RECRUITNIK HOO-HA: White didn’t quite blow the gurus away, but they all agreed that he was, at the least, a well-above-average prospect. Rivals gave him three stars but a 5.7 grade and the No. 23 spot on their OLB rankings–the very first player on the list not to receive a fourth star. (The same goes on the Alabama list, where White finished No. 14.) It was a similar story at Scout, where White ranked no. 30 on a list where the first 25 all got four stars. Scout’s Andrew Bone:
White starred on both sides of the ball throughout his high school career. He is a terrific athlete who has a lot of speed to go with size. He can run sideline-to-sideline and also very good in pass coverage.
As regards that speed, Rivals puts his 40 time as 4.58, for what that’s worth.
ESPN goes that extra step, giving White a grade of 79 and naming him a four-star player. Their evaluation:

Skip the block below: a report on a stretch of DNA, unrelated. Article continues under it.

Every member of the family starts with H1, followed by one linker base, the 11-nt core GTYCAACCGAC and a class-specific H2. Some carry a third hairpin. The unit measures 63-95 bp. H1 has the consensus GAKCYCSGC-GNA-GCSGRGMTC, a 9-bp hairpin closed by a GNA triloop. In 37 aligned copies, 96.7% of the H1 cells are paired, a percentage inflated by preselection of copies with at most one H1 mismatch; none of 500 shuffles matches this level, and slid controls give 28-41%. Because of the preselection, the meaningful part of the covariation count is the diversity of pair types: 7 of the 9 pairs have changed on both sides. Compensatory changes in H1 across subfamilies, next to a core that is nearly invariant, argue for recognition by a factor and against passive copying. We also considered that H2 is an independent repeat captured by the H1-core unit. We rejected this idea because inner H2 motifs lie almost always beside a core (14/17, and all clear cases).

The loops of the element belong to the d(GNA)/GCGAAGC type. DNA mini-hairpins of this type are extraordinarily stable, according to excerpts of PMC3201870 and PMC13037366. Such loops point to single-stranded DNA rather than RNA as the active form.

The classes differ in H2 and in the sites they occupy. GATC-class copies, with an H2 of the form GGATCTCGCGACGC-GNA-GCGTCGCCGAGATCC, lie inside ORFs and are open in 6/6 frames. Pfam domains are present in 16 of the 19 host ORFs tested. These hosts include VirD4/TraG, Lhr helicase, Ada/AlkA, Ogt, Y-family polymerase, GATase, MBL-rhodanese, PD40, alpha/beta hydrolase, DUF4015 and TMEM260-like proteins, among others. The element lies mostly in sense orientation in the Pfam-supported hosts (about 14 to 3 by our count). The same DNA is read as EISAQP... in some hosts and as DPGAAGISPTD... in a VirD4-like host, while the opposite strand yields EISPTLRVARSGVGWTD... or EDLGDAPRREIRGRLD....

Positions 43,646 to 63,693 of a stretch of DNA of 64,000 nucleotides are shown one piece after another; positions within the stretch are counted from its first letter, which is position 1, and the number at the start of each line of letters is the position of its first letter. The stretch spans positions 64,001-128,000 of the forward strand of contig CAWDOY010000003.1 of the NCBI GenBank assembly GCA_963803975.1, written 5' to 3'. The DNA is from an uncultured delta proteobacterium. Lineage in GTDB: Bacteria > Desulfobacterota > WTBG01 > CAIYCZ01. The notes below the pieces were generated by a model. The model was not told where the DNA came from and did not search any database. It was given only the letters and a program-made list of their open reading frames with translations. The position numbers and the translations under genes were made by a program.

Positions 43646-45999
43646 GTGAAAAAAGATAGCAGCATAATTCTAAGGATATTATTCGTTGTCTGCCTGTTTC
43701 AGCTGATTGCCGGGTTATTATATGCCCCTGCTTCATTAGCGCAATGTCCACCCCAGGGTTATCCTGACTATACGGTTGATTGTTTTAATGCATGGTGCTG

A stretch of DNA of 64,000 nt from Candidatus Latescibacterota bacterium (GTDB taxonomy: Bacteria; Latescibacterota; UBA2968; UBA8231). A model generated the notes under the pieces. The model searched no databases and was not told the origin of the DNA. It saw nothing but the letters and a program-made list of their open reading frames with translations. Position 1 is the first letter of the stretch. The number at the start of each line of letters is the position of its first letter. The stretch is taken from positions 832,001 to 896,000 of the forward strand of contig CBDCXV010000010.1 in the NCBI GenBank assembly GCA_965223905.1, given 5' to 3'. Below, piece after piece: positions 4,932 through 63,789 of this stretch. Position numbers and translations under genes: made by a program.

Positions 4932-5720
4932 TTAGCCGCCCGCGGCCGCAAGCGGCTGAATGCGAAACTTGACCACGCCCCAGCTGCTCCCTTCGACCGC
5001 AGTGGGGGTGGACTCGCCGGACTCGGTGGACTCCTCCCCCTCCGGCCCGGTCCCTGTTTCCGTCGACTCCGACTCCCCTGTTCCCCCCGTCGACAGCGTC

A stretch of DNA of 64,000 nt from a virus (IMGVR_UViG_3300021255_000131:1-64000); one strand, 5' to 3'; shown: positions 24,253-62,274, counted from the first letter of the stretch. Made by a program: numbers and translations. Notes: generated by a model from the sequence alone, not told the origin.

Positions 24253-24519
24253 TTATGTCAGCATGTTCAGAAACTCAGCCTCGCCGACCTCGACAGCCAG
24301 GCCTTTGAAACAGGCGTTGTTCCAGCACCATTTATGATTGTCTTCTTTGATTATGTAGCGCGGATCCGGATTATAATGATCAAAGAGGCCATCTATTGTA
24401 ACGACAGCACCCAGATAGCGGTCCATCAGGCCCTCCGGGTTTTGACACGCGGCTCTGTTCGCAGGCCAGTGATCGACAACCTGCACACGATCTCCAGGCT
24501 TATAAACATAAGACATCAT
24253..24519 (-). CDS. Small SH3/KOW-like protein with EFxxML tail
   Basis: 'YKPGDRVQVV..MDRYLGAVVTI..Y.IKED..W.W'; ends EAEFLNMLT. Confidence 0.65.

White is a very active outside linebacker with great size and overall physical tools for a program to mold. Has an impressive frame with good bulk, length and the body structure to continue adding size … Runs well and flashes good athleticism despite being a bit straight-lined. Displays good range on both run and pass support but his short-area burst, power and overall tools may be his best attribute. Closes quickly in space on the football and is difficult to outflank to the perimeter … Snaps back blockers with his good short-area power and upper-body strength. Plays with good overall leverage but does need to play with consistent sink in his hips … Far from just a physically superior defender, this guy can turn and get depth in coverage. Shows good mobility mirroring, vertical closing speed blanketing his underneath zone and ball skills. While very disruptive and difficult to block off the edge, he is a much better vertical attacker than lateral. We question his ability to slip fluidly under the cutoff block and pursue laterally through the wash … If he can continue to physically develop he may be an ideal fit for a 3-4 scheme with his experience and comfortable level playing on the edge. Good under the radar prospect with a lot of upside and tools to mold.
ESPN bumped him up all the way to No. 17 on their OLB rankings. Their “more vertical than lateral” assessment confirms what we knew from White’s size, though: he’s going to have to play on the strong side, or as a 3-4 OLB.